Fanfic: Harry Potter: The Second Generation by HPgen2 (Free to read, 564,411Clicks)

Description:

Generations are canyons through which love and pain echo in two-step harmony. History has a tendency to repeat itself in the Harry Potter universe. A young girl with a troubled past finds out that she is a witch one rainy summer night… Slow burn romance with an action plot (no romance until fourth year ) Nothing past the epilogue is canon imo. Will post at least once a week x This is also posted on fanfiction.net under the same user!

Characters:

Creator Chose Not To Use Archive WarningsJames Sirius Potter/Original Character(s) Scorpius Malfoy/Albus Severus PotterScorpius Malfoy Albus Severus Potter James Sirius Potter Rose Weasley Harry Potter Teddy Lupin Louis Weasley Victoire Weasley Original Characters Weasley Family (Harry Potter) Minerva McGonagallSlow Burn Action & Romance Plot Romance Angst Fluff and Angst Post-Hogwarts Harry Potter Epilogue What Epilogue | EWE Friends to Lovers Mutual Pining POV Albus Severus Potter Explicit Language Cross-Posted on FanFiction.Net Slow Romance Slow Build Mystery Healing Suspense Dark Magic

Summary:

Summary:

Generations are canyons through which love and pain echo in two-step harmony. History has a tendency to repeat itself in the Harry Potter universe. A young girl with a troubled past finds out that she is a witch one rainy summer night… Slow burn romance with an action plot (no romance until fourth year ) Nothing past the epilogue is canon imo. Will post at least once a week x This is also posted on fanfiction.net under the same user!

Chapter 1: Chapter 1 – The beginning

Chapter Text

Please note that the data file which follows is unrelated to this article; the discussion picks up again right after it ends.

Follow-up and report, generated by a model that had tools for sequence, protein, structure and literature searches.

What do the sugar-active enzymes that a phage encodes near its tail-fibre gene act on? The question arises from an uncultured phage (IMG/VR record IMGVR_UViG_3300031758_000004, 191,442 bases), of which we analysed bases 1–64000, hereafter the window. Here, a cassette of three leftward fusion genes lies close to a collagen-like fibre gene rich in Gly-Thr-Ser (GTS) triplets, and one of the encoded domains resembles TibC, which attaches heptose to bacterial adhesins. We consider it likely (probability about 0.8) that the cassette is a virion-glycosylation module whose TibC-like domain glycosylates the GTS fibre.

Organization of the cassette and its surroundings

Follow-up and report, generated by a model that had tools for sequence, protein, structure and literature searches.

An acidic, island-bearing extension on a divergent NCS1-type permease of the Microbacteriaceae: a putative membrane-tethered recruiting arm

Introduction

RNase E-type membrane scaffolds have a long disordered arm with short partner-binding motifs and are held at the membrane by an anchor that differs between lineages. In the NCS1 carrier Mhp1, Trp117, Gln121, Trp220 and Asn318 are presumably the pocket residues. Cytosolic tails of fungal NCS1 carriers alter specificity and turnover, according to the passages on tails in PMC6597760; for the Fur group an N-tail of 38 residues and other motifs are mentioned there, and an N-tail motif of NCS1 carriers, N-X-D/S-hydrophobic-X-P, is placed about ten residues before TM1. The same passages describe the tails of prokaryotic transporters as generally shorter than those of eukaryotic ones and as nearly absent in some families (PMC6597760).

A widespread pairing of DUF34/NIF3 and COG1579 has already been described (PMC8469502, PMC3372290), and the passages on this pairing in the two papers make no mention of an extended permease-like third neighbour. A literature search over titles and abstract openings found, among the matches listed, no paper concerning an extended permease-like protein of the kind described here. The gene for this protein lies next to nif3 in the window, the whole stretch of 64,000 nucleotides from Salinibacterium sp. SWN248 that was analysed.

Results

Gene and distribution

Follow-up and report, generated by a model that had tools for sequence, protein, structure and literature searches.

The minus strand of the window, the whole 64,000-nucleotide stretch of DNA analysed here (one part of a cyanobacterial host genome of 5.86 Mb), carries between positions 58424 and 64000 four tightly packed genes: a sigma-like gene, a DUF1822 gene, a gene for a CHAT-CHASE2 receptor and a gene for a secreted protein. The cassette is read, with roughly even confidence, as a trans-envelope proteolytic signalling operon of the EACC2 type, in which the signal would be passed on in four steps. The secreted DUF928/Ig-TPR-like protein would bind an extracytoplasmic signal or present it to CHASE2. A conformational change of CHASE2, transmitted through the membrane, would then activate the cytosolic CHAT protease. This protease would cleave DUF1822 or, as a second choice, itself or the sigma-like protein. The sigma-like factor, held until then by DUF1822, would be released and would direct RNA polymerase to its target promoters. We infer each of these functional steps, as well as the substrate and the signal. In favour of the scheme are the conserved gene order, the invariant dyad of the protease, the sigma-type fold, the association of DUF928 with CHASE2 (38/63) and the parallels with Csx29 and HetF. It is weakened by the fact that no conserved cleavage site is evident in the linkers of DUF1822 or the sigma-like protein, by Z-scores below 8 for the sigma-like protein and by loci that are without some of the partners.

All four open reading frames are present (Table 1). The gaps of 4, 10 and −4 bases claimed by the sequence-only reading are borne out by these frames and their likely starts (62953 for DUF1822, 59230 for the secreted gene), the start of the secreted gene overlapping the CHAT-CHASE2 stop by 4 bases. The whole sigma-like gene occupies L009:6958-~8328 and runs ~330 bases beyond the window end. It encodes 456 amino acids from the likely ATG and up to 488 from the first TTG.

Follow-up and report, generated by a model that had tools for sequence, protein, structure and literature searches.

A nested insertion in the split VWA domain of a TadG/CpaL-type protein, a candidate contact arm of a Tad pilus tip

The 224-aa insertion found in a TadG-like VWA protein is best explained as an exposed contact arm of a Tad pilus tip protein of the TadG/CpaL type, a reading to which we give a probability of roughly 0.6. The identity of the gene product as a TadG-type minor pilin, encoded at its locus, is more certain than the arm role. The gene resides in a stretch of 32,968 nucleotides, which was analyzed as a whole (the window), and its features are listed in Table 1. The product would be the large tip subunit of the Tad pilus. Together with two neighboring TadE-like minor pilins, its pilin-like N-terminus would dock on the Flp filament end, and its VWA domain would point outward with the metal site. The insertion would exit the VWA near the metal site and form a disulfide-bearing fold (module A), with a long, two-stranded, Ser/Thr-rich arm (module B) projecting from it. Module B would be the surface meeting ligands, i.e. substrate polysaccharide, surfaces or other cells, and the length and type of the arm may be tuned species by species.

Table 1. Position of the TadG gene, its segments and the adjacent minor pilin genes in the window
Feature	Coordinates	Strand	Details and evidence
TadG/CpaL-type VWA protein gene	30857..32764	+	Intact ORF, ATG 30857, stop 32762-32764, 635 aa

Chapter 1McGonagall sighed. She was much too old to be out on the streets of London, and at this moment was seriously reconsidering her decision not to retire this year. But she hadn’t retired. She wasn’t ready to leave Hogwarts just yet, and that meant she had to shoulder the responsibilities of headmistress for yet another year. Part of those responsibilities included notifying young muggle born witches and wizards of their upcoming futures, and the truth of their magical abilities. There were younger teachers who could do the job, sure, but this was a delicate case. Part of her knew that one of the reasons she hadn’t retired this year was because this was a delicate case. Despite her old age and aching joints, McGonagall was curious.A light rain was drizzling, accumulating in thin, greasy puddles on the uneven asphalt of the narrow alleyway she now faced. It was usually quite easy to find the young muggle born children whose magic, though they did not know it as such, spilled over at times of great emotion. The trace was a strong and ancient magic, and it was never wrong. But, in this case, it seemed to be confused. The child that McGonagall was tracking, had been tracking since she apparated onto King Cross station early this morning, was ghost-like. The trace had picked up the magic use, but the child did not stay in one place long enough for McGonagall to send one of her staff to the address with a nice letter and a charming smile for confused parents. One night the magic would be in an abandoned factory on the shores of the Thames, and then it would be quiet again, and a few days later it would pop up behind a coffee shop near Westminster – there was no rhyme or reason to the frequent movements.There had been a stable address for this child, when the trace had first picked her up, around age four or so. The ministry had duly recorded that the child’s name was Elle Williams, of muggle mother Jessica Williams, father unknown. They had lived in an old and cramped studio flat for the next six years – the child had attended a local public school, the mother had worked as a bartender, there were occasional moments the trace picked up (the girl had apparently been fond of climbing trees a lot higher than she should have been able to) but all seemed normal. Then, about a year ago, all indications of magic from that flat building and public school had vanished. A week or two later, the trace had begun mapping the haphazard route that Elle was taking around London. Curiously, the ministry, upon trying to investigate, found that they could not find the flat’s address anywhere in their normally scrupulous records. The school reported that Elle had suddenly been withdrawn, and no forwarding address left. Something was odd, and McGonagall had come to find out what herself, tracking the child from the last trace indication (the tunnel of a play structure at a children’s park) all the way to the narrow and wet alleyway before her.McGonagall proceeded down the path, littered with junk, with caution. Discarded needles glinted between the trash bags that overflowed from the dumpsters on either side of her. The smell of rot and decay hung heavy in the air. A distant cacophony of nightclub music, yelling drunk men, and ambulance sirens echoed in the comparative silence of the path. This was no place for a child, especially at this time of night. There was no sign of life however, even as McGonagall approached the red brick dead end of the alley.She may be aging, but McGonagall was still a formidable witch. The child was here, she had tracked her well. She could use more magic to reveal her hiding place, but Minerva McGonagall, as severe as she may be, had a soft spot for children. If she could find the child without scaring her, she would do so.“Elle?” McGonagall asked, keeping her voice even and calm.“Jessica?” She tried, after receiving no response.McGonagall did not flinch, but her eyes darted immediately towards a small sound to her right. A young cat, not quite a kitten and not quite an adult, smoky grey and missing an ear, walked towards her. She smiled. McGonagall had always had a connection to cats. The cat hesitated, seeming to size her up. After a moment, the cat meowed amicably, winding itself between her legs. There was pause, and McGonagall felt as if she was being watched. Felt as if she was being considered. There was a rustling to her left this time. Out of the shadows, in a place McGonagall had sworn she had scanned just moments before and seen nothing, stepped the filthiest child she had ever seen.Elle Williams was tall for her age, her legs and arms long and sinewy. She was desperately thin, and the skin beneath her high cheekbones lacked the usual rosiness and fullness of youth. Deep plum bruises painted the shallows of her face, but despite her apparent exhaustion, her hazel eyes were alert and intelligent. She did not look like she had seen a bath in months. She crossed her arms over her t shirt, which may have been any colour to begin with, but now was brown with dirt and grime.“How do you know my mother’s name?” She asked McGonagall, furrowing her brow.“How do you know my name?” She added, flicking a strand of stringy, matted hair out her face so she could stare directly at McGonagall, gaze unimpeded.McGonagall paused, but only for a moment. This was the situation she had hoped she wouldn’t be stepping into when she faced this alley, but it was the one she had felt most likely. She had felt her suspicion grow in the pit of her stomach when she had first looked over the map of trace indications the ministry had presented to her at the beginning of the summer. She had well prepared for this moment.“My name is Minerva McGonagall” she started, meeting Elle’s firm and unwavering look. “I’ve come to bring an important message to you and your mother. I think the three of us should find somewhere we can all sit down and talk.”McGonagall could see disappointment flicker across Elle’s face, but only for a moment. A millisecond later, her face was stony and impassive.“I’ll let her know you want to speak with her when she turns up.” Elle replied coolly. “She hasn’t been around very much lately.”“When was the last time you saw your mother?” McGonagall asked, finding it hard to keep her voice from catching in her throat. She hadn’t expected the child to be alone.“About a year ago” Elle replied. McGonagall could tell she was trying very hard to keep her voice light and unemotional, but her age betrayed her, and her words shook the tiniest bit.“oh.” McGonagall whispered, despite herself. She cleared her throat and began again. “Elle let’s go for a walk. It looks like we both have stories to tell.”Elle paused, looking McGonagall up and down, her face defiant. “Are you a cop?” She asked bluntly. “Because I’m not going to get sent away to some home. I can climb out of almost anywhere” she added, her blazing eyes affirming she was not telling any lies.“I’m not a ‘cop’, Elle” McGonagall answered, pronouncing the foreign word carefully (she knew what a ‘cop’ was, but the word still did not fit comfortably in her mouth). “I am the headmistress of a school.”Elle seemed to accept this answer, though her body language was still guarded. “I didn’t think you were a cop” she said, “you don’t look like one at all, or I wouldn’t have come out to talk to you.” McGonagall could barely detect curiosity from behind the child’s tough façade. ‘Another year and I probably wouldn’t have been able to tell what she was feeling at all’ McGonagall mused. The streets did not nurture softness. “I’ll hear what you have to say.” Elle finished.“I know a place we can speak more comfortably” McGonagall answered, starting off towards the main street again. She would be glad to be rid the stench of the garbage strewn alleyway. Elle hesitated briefly but followed after her all the same. The one eared cat that had been watching them from the roof of a nearby dumpster fell into step by the child’s side. “Cat’s coming too” Elle added simply. McGonagall nodded her approval.The walk to the leaky cauldron had been silent. McGonagall could feel Elle’s eyes on the back of her head, the curiosity of her gaze heightened in the safety of periphery. She was sure that her head was swirling with questions. McGonagall’s own thoughts were tumbling through her mind at great speed. There were many owls that needed to be sent after Elle was safe, and McGonagall did not feel as if she would be satisfied with Elle’s circumstance before the night was spent and the dawn had bled into the mid-august morning. The exhaustion was already starting to settle onto her chest, heavy and encompassing, but there were priorities to hold. The utmost one of which was Elle. Where was this child’s mother? How had she survived on her own for over a year on the streets of London? Why? Every question that burned in her mind seemed to spawn a dozen more like it, each as red hot as the last. A flagrante curse that left her brain feeling swollen and overweary. Potter would take her owl. Maybe after hearing the child’s story she would send one off to Kingsley too. Her thoughts hadn’t been this jumbled since she had spent an entire day sitting on a low fence, watching the happenings on the unassuming Privet Drive many years ago. There were parallels here, she thought grimly. It didn’t sit right with her.Throughout the walk, Elle had remained completely silent, which McGonagall considered to be a remarkable show of self-restraint. Most eleven-year-olds would be rapid fire questioning the strange lady who knew her name and her mother’s name, and who had found her in the alley when it seemed no one else had even looked. More questions were bound to come when the full reasons behind their meeting were unveiled, McGonagall was sure. But first, a hot meal. Elle looked like she really needed it. McGonagall reckoned a gillywater would do her some good as well.The Leaky Cauldron lay nestled between the shops of Charring Cross road, as unassuming as ever. The streets had quieted down steadily the further they had moved from the rowdier pub district, and now the night was empty asides from McGonagall, Elle and the cat. The unlikely trio entered the doors of the pub, opening the doors to the magic world with ease. The insides had lost some of their dinginess since Tom had passed on from this world, but the great age of the furniture could not be erased with more frequent dusting. The room was empty save for the night barmaid, a young girl with a vaguely Eastern European accent that McGonagall did not recognize and who took their orders without batting an eye. As odd of a pairing this was, McGonagall knew that working the night shift at the Leaky Cauldron meant meeting much stranger company than this.Elle ate quickly but neatly. McGonagall sipped her gillywater, rehearsing her words as she watched Elle work through the steaming soup in front of her. At last, Elle looked up from her empty bowl, eyes expectant. ‘You first’ they seemed to say. McGonagall eyed the barmaid, who was conveniently wiping down long empty tables within earshot. Catching her glance, she sullenly returned to her post on the other end of the room. McGonagall cleared her throat once and started.“Earlier tonight I told you that I was headmistress of a school” McGonagall began, and Elle nodded in response. “It’s a very special school. Hogwarts School of Witchcraft and Wizardry.” McGonagall continued, watching Elle’s reaction closely. The sentence had clearly taken her aback, but Elle wasn’t protesting loudly. Instead, it seemed to have triggered a deep concentration. The cogs were turning behind those sharp, intelligent eyes. “You are a witch” McGonagall followed, “as am I. I’m sure there have been moments in your life, times where things have happened to you that you can’t quite explain. Especially when you were feeling very happy, or mad.”“Or scared” Elle whispered, barely audible. McGonagall’s heart lurched. “Yes, or very scared” she agreed. “In those moments, things may have happened, things that you couldn’t quite explain. Things that seem just like magic” McGonagall continued, falling into the standard script she had rehearsed for all muggle-born children.Elle’s brow was knitted in concentration of thought. “Sometimes it feels like I can disappear” Elle started, her eyes never leaving McGonagall’s. She was gauging her reaction, and having not detected shock or revulsion, continued on. “Watch” she said simply. Elle pushed back her chair and rose to her feet. She backed up against the wall behind her, and then closed her eyes. Then she simply vanished. McGonagall let out a quick exhale of surprise. It was of course, not a perfect concealment charm. Having been warned, McGonagall now knew what to look for – she could see a slight shimmering around the particularly sharp contours of Elle’s bony body. She doubted that the charm would withstand any magic meant to reveal it, but it was still very advanced magic for a child, especially one without a wand. It didn’t completely shock her, however. Magic had a way of presenting itself in the untrained witch or wizard in the ways it was needed the most, and McGonagall thought that Elle had probably needed to disappear very often in the last thirteen months.“That is very good Elle” McGonagall murmured.McGonagall reached into the fold of her robe and produced her wand for the first time. Elle melted back into view, her eyes not even trying to hide the brilliant curiosity anymore. She tapped the empty bowl in front of her, and a fat albino turtle started crawling on the table instead. Elle gasped. “With proper training and a wand someday you’ll be able to perform spells like this.” McGonagall said, returning the turtle to its original ceramic form with a wave of her wand.“Really?” Elle asked, her voice breathless with wonder. The childlike innocence had crept back into her voice in her excitement. “What else can you do?” She asked, turning to McGonagall with a kind of reverence.“Many things that you too will learn at Hogwarts School of Witchcraft and Wizardry” McGonagall replied. “Transfiguration is only one subject of many.”“Wow” Elle sighed. Already however, the excitement was fading. “But I don’t have any money” she said, lowering her head in shame. “I can’t buy a wand or any books or pay any school fees. And I can’t leave London. What if my mum comes back to find me and I’ve disappeared?” Elle finished, looking dejected.“The money issue is already solved” McGonagall replied. “There is a fund at Hogwarts for students who need help purchasing their supplies. You won’t be able to buy everything brand new, but you will have everything you need to be a great student”. Elle raised her eyes to meet McGonagall’s, a twinge of hope surfacing. “As for your mother” McGonagall continued, “I think you ought to tell me the whole story, and we can decide from there how best to find her.”Elle paused for a long minute. You could see that she was fighting many conflicting emotions. A deep desire to go to this school and learn magic. A deep embarrassment at having to accept help in order to be able to attend. A fierce desire to protect her mother, to keep any promises she had made to her, but also a desperate need to find her, which it was looking like she wouldn’t be able to do on her own. Eventually, she started speaking.“There’s not much of a story to tell.” Elle began, “One day, right when school was let out for summer, I came home from the park and Mum was packing our bags. She told me that we were going on a trip. She looked scared, and she was talking really fast. I don’t remember everything that she said, a lot of it didn’t make sense. She said that she needed to do one last thing, and then we could spend the summer vacation camping all along England and that it would be really fun. She took me downtown and it was really late and dark. We stopped at a station in the tube and she told me that she needed to get on the next train so she could take care of the ‘one last thing’, and that I needed to wait here because she needed to go alone. I cried and begged her to take me with her, but she didn’t. Right before she left, she told me that she would be back before the day started, and that if she wasn’t, I shouldn’t go back to the flat and I shouldn’t tell anyone that she was gone. She made me promise that I would find somewhere else to wait, and that if she wasn’t back by dawn that I would keep moving around in the city and that she would find me when she could. She made me pinky promise I would do what she said so I did.” Elle finished her story quickly, it having tumbled out of her with increasing speed. You could tell that once she had started, she hadn’t wanted to stop. “That’s the last time I saw her. I was on my own for the first little while and it was really scary but then I found Cat in the gutter and it wasn’t so bad after that.” Elle added after a moment of silence. Cat purred reassuringly from where he had settled onto Elle’s lap.McGonagall considered Elle a moment longer before speaking. This child had carried a very heavy burden and had done so with grace. She reminded her achingly of another young boy who had sat in the Leaky Cauldron a long time ago, also discussing a tragic story, a tale that Hagrid had been fond of retelling at Hogwarts. The same feeling of unease that had plagued McGonagall’s walk returned to her now. There was something going on here, something that Elle couldn’t quite understand but had felt fully bear down on her shoulders. “I know a few people, very good witches and wizards, whose job it is to find people who are lost” McGonagall spoke as evenly as she could. That wasn’t exactly the job description of aurors, but it wasn’t a complete lie either. “I’m going to write to them today, and they’re going to look into where your mother went for you.”“Do you think they would care?” Elle asked uncertainly, not trusting the feeling of hope that was clearly rising in her chest. “I don’t think she was magic at all. Just my mum.”“They will care.” McGonagall replied firmly. “And we’re going to figure out what’s happened.” She added, a promise she made uneasily, unsure of if she could keep it or not. “In the meantime, you can attend Hogwarts. It’ll be easier to find you if you stay in one place. The train leaves in two weeks, on September first. Until then you can stay here at the Leaky Cauldron, there are some rooms for board upstairs.” McGonagall rustled through her robes for a moment, and produced a letter and a small bag, placing both gently on the table. “This letter will explain everything you need to know before you head off to Hogwarts.” McGonagall did not add that she had meant for her mother to read it, not her. “And in this bag, you will find all the money you need to purchase your school supplies. Pay full price for a brand-new wand, but everything else you can find perfectly good second hand.”Elle hesitated yet again, her hands fidgeting but not reaching for the two gifts. “Elle” McGonagall said, looking firmly into her eyes “your mother would want you to go.” Elle nodded. She took the letter and money bag, handling them carefully, as if they were fragile and would disappear if she squeezed them too hard.They both rose together, turning towards the barmaid who immediately looked down and started furiously scrubbing clean pots in front of her. The first whispers of dawn were climbing up the sky in on the windows to their right. Elle must be exhausted, McGonagall thought. She was exhausted herself, but it would be long after Elle was tucked into bed that she would herself find rest. She had tried very hard to keep her face calm when Elle had told her story, but the truth was that it had troubled her deeply. Potter and Kingsley would get her owls before the day had truly began. The Weasleys wouldn’t hurt either. And there were a few old friends that still worked in Diagonal Alley that she would ask to keep an eye on Elle for the next little while. She sighed internally. She wondered how long it would take the barmaid to spread the mysterious story around the whole of Diagon Alley. She hoped that a reputation didn’t precede Elle as she entered her first year at Hogwarts. She needed a fresh start.